How To: Get White Text on Black background

Discussion in 'Microsoft Word New Users' started by John Gilmer, Sep 22, 2007.

  1. John Gilmer

    John Gilmer Guest

    I want a 'highlight' line with reverse text. IOW: for this ONE line, the
    text would be white and the background would be black.

    How do I do that.

    Since I have your attention, is there a "view" of a Word document that
    really shows what is going on? I am playing around with text boxes and I
    would like to be able to separate the location of boxes from the content and
    perhaps do most of the editing in another context.

    On this machine I am using Word 97 that I picked up long ago and
    re-installed on my XP machine. One our Vista machiune we have M$ Office
    2002 student version.
     
    John Gilmer, Sep 22, 2007
    #1
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  2. John

    Try using Page Layout View for editing and Print Preview for final check of
    results.

    You need to select the phrase to be inverted. Then use Format, Borders and
    Shading and select the Background Tab. Set the background colour to Black
    and OK to close the dialog. The text should not be white on a black
    background. However, I suggest that you select the phrase again and use
    Format, Font and choose WHITE as the font colour rather than Automatic as
    frequently printer drivers screw up Automatic and print black text on the
    black background!

    --
    Terry Farrell - MS Word MVP

    "John Gilmer" <nni/> wrote in message
    news:...
    >I want a 'highlight' line with reverse text. IOW: for this ONE line, the
    >text would be white and the background would be black.
    >
    > How do I do that.
    >
    > Since I have your attention, is there a "view" of a Word document that
    > really shows what is going on? I am playing around with text boxes and I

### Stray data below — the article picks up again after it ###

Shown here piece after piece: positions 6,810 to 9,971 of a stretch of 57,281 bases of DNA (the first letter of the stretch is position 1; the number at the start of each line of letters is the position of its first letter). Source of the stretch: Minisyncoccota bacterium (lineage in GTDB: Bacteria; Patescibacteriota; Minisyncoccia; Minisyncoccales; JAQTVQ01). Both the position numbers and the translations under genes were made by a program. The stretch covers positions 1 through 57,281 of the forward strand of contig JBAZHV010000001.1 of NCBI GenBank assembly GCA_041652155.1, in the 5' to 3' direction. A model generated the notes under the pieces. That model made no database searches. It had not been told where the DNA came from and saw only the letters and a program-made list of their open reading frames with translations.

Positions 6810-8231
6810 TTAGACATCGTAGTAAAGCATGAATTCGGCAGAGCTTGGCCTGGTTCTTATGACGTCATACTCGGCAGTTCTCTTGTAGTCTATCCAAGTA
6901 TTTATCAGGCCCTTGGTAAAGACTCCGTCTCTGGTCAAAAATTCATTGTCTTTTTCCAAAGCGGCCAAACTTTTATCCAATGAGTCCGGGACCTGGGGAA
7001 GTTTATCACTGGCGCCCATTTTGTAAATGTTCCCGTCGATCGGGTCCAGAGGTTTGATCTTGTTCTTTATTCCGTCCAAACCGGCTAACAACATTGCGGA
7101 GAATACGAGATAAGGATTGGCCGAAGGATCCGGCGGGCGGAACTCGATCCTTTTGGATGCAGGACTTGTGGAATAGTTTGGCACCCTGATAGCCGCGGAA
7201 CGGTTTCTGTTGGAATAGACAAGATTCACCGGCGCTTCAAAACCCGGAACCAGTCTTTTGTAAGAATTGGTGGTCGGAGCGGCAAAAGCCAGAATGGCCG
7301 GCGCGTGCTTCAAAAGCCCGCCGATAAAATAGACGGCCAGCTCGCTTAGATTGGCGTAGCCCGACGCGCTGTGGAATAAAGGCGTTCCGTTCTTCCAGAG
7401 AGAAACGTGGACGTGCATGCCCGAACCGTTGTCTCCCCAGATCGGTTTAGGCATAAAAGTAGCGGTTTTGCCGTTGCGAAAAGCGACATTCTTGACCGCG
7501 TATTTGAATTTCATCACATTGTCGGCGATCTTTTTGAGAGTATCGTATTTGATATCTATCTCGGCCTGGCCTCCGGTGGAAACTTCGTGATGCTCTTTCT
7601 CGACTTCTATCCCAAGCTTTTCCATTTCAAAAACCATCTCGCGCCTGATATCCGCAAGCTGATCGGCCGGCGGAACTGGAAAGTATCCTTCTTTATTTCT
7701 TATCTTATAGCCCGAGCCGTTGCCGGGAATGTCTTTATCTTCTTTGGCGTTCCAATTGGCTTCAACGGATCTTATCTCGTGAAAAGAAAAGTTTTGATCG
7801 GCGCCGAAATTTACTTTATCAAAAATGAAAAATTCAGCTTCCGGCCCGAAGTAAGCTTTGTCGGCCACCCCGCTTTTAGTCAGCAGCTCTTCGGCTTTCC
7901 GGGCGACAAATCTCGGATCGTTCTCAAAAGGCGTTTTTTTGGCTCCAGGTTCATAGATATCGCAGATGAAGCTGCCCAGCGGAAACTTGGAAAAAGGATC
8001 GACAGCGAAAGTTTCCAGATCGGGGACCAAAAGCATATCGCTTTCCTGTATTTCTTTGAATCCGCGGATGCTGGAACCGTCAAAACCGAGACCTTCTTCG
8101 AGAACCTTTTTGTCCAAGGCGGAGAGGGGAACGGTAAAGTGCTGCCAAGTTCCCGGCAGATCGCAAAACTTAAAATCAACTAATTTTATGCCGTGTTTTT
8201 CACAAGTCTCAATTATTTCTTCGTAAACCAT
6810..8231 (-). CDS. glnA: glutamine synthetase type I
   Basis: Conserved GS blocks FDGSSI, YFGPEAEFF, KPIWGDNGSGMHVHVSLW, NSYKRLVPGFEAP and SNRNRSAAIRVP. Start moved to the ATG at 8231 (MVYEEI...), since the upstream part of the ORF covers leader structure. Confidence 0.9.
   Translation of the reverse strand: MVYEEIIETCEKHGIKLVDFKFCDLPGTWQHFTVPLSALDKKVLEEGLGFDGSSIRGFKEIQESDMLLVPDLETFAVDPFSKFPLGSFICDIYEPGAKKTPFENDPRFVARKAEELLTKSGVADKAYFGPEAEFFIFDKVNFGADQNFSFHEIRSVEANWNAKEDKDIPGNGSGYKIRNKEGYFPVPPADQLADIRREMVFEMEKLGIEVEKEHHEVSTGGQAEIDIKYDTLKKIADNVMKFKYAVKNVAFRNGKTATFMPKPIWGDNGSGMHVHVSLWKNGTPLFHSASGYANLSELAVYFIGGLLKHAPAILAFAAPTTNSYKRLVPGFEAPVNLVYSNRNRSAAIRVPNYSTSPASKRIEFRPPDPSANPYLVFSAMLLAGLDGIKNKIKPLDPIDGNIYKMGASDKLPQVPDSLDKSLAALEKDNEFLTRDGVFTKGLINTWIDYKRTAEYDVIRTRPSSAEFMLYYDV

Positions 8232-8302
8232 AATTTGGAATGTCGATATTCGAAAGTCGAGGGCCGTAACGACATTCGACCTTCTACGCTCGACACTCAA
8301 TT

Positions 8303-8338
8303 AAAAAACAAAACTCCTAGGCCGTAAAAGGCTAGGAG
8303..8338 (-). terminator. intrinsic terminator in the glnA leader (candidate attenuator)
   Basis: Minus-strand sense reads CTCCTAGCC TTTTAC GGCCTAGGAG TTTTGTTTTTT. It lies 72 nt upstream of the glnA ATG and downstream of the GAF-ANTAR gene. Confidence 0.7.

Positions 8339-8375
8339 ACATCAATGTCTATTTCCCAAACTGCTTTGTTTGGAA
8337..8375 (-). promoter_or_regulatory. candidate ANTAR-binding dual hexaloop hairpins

> would like to be able to separate the location of boxes from the content
    > and perhaps do most of the editing in another context.
    >
    > On this machine I am using Word 97 that I picked up long ago and
    > re-installed on my XP machine. One our Vista machiune we have M$ Office
    > 2002 student version.
    >
     
    Terry Farrell, Sep 22, 2007
    #2
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  3. John Gilmer

    CyberTaz Guest

    <snip>
    > I would like to be able to separate the location of boxes from the content

    <snip>

    This cannot be done. Everything in a Word doc is tied to the text as either
    In Line or Anchored to a paragraph. Terry's suggestion to work in Print
    Layout View is as close as it gets to being able to "see what's going on".

    For what you want to do you really should consider using a Desktop
    Publishing (page layout) program rather than a word processing application.

    Regards |:>)
    Bob Jones
    [MVP] Office:Mac
     
    CyberTaz, Sep 22, 2007
    #3
  4. John Gilmer

    John Gilmer Guest


    > For what you want to do you really should consider using a Desktop
    > Publishing (page layout) program rather than a word processing
    > application.


    I'm sure you are correct.

    BUT M$ Word 97 is the best I have and that's that.

    Slight OT: Word seems to have been "billed" as "do everything."

    I am an "old guy" but I think I would have not major problems with M$ Word
    if I could easily determine WTF it is doing.

    For example: 1) a "right click" on a text box would reveal both backward
    and forward links; 2) etc.

    >
    > Regards |:>)